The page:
She suddenly started recalling where she had seen the man before. The stranger part of his comments stirred her memory to this morning’s meeting. It was the briefing they got. This was the guy, the madman, who threatened to blow up the Tunnel.

“Get out of the car!”

The order came not from Denise but from another guard that had rushed over after recognizing Eli Schneider’s face on the surveillance camera. The young man was a little older than Denise, though his rough voice made him seem much older. It was a tough sounding voice that could be in movies, war pictures. Hell, he could do Batman cartoon voice overs. That voice gave Clint Eastwood from his Spaghetti western days a run for his money.

You see, in this world there’s two kinds of people, my friend…

He had his pepper sprayer in his left hand, his right was on the butt of his sidearm still in its holster, the snap to which was open.

“He says there’s FBI watching in that van,” Denise giggled in spite of herself. Things had been very boring recently until today.

“Alright,” Schneider got out slowly.

“Hands up!” came the croak.

“I really don’t see the need for any of this. Just need to get to work. This is really messing up—”

“Corporal, search the car!”

She went to the passenger side and started looking in the glove compartment, under the seat, between the seats, the back seat.

“You’re ass is mine, Schneider.”

“Well enough. Just don’t tase me, bro.

“It’s pepper spray dumbaAAAAHHH!!!”

The retort was cut short by a quick jolt of 250 kV AC running up the arm attached to the hand that touched Eli’s jacket. Quick incapacitation activated and deactivated by voice key phrases.

Don’t spazz!

Eli needed it deactivated lest he accidentally touch the electrified part of the coat himself. He still hadn’t worked out how to avoid that problem, apart from wearing gloves that appeared to be just skin and hands. He didn’t like how they felt wearing them, though.

The TV repair van was moving now, attempting to get out of line and closer to Schneider’s car. The police nearby had seen the good sergeant hit the asphalt and were drawing weapons and beads and closing in.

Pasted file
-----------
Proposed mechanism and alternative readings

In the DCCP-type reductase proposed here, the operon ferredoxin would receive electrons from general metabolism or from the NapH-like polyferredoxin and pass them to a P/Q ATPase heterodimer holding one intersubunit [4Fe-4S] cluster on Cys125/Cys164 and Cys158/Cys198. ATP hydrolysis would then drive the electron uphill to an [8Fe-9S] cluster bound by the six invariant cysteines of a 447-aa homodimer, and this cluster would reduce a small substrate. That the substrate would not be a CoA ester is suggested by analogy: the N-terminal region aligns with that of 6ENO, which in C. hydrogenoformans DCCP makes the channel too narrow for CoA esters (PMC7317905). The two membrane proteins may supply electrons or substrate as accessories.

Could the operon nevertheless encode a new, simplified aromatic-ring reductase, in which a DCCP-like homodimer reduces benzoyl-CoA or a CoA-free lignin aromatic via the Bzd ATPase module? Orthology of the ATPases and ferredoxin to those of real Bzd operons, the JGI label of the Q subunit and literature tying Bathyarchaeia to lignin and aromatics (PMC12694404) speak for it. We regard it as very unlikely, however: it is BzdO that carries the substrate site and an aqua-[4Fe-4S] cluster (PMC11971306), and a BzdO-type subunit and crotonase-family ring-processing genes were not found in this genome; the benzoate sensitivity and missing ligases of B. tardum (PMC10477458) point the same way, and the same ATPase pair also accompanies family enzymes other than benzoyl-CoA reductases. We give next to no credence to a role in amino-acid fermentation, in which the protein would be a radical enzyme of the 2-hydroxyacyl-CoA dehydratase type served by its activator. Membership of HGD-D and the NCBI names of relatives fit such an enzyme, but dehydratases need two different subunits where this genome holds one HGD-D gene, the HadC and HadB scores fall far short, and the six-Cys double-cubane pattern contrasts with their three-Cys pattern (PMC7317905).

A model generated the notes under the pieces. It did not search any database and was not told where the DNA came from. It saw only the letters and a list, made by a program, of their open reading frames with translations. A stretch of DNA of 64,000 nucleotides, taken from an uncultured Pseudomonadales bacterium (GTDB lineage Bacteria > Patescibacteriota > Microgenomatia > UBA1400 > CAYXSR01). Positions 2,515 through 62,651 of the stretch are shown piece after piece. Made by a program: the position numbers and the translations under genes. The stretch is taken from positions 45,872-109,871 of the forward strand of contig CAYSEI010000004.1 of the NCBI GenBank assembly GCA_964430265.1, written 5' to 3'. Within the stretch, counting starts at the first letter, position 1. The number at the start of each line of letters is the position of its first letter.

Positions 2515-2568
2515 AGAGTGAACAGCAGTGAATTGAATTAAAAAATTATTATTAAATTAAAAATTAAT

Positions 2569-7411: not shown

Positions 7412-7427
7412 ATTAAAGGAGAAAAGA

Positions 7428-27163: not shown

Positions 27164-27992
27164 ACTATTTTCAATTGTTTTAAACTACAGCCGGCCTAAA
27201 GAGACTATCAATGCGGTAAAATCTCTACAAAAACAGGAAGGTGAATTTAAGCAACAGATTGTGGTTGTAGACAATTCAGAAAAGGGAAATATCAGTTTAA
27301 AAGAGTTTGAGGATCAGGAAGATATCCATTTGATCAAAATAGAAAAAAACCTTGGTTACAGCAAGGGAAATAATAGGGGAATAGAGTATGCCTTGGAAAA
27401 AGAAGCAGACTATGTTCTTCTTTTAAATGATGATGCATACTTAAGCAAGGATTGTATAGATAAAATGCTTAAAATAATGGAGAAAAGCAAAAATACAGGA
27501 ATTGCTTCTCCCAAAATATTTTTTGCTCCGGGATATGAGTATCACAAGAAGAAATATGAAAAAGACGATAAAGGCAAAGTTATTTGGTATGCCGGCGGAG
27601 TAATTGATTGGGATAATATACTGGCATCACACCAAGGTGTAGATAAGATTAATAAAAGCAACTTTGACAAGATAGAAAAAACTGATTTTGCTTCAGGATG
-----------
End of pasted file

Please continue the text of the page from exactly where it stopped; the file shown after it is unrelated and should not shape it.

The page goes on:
Schneider got back into his car, took a quick glance at Denise’s read end as she tried to open his briefcase in the back and started the engine.

“He said I was free to go. Mistake. Misunderstanding. Case of mistaken identity.”


She sat back down in the passenger seat warily looking past Eli out the window.

“Look! A squirrel!”

He pointed behind Denise. The lady guard looked at the old man as if he had three heads. That was a very odd thing to say. Now quite certain that this man was not at all what he seemed, she did not bother to look where he pointed.

Never was a very good diversion anyway.

Eli pressed a button under the top of the dash just above the speedometer. The passenger door opened wide and the seat tilted 75 degrees to the right. Denise found herself on the asphalt as well.

He could hear shouts and nearly simultaneous insults questioning his parents’ wedlock, and comparing him to various body parts and other slang. He released the button and the seat flew back in and the door shut.

Three officers pulled the hoarse-voiced, immobile sergeant away from the car. Two others helped Denise to get out of range. Then they opened fire.

The bullets ricocheted off the exterior with such obvious effect that there was an almost immediate call for cease-fire. It was, as is often the case when over-zealousness takes over, half a minute until the order was actually complied with.

The vehicle disappeared quickly into the black hole that lead into a ceramic intestine that opened up to a mouth on the other end and the Big Apple beyond.

“Where’s he going, anyway? Get Manhattan on the radio. We got him trapped in the Tunnel.”


©2011 Christopher C. Knall